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Parents were notified Tuesday night that 33 people at Valencia High School have tested positive for the coronavirus within the last week. 

Cases were found among both students and staff, but were primarily within the school’s cheerleading program, William S. Hart Union High School District spokesperson Dave Caldwell said. 

“There have been some staff, but mostly students,” Caldwell said of those involved in the outbreak.

An email sent to parents Tuesday night outlined some of the steps being taken to mitigate the outbreak.

“Due to the increased cases, Valencia High School has been identified as an outbreak facility, requiring the active involvement of LADPH and integration of additional support resources,” a portion of the email sent by Valencia Principal Pete Getz said.

The school has also identified a number of close contacts on campus.

“It is important to remember that potential close contacts are not necessarily sick or at risk of transmitting disease,” the email read.

Students will not be required to quarantine if they have no symptoms and are fully vaccinated, or if they have recovered from laboratory-confirmed COVID-19 within the last 90 days, the Santa Clarita Valley Signal reported.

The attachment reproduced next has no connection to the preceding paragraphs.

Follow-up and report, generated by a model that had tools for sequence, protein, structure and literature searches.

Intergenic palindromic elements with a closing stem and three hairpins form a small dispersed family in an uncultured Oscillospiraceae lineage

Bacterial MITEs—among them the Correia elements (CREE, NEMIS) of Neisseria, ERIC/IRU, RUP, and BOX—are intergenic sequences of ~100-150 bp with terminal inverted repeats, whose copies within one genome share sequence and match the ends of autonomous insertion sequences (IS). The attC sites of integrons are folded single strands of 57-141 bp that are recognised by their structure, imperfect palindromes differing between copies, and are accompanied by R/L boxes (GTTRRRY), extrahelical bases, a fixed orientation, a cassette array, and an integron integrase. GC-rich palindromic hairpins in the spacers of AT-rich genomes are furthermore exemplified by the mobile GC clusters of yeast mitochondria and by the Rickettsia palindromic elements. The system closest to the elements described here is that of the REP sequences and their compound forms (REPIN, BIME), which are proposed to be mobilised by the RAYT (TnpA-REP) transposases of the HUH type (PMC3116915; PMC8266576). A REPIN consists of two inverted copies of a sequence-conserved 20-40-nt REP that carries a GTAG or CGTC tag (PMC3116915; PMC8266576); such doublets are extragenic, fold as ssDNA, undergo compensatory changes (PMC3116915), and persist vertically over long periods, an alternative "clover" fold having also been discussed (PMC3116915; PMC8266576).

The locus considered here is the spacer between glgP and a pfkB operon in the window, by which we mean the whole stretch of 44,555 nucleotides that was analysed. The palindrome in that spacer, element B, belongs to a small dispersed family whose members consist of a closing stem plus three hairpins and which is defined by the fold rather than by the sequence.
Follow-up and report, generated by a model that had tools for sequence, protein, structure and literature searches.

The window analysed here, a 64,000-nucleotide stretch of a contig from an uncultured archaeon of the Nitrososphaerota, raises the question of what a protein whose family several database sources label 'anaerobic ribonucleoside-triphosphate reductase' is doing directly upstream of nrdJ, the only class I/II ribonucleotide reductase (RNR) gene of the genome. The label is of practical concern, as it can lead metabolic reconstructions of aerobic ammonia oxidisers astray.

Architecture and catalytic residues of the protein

Officials have said that while the campus will remain open, the cheerleading team will not be participating in Friday’s football game.

Pete Getz, the school’s principal, said the cheer program will be shut down through Nov. 8.

Meanwhile, the cheerleaders are being “teased and bullied” by other students “as if they are the reason” for the outbreak, said cheer parent Gloria Aguirre.

“That is unacceptable,” Aguirre added.

Other parents said the school’s lack of enforcement of the mask mandate could be to blame.

“We’ve had to call and tell the school that there are students in particular classrooms that were not wearing masks, and it didn’t seem like the teachers even cared about that,” parent Richard Montes said.

Just last week, an outbreak of coronavirus infections led to the shutdown of View Park Preparatory High School in Los Angeles County.

The independent charter school temporarily returned to remote learning out of an abundance of caution, according to the charter’s senior administrator.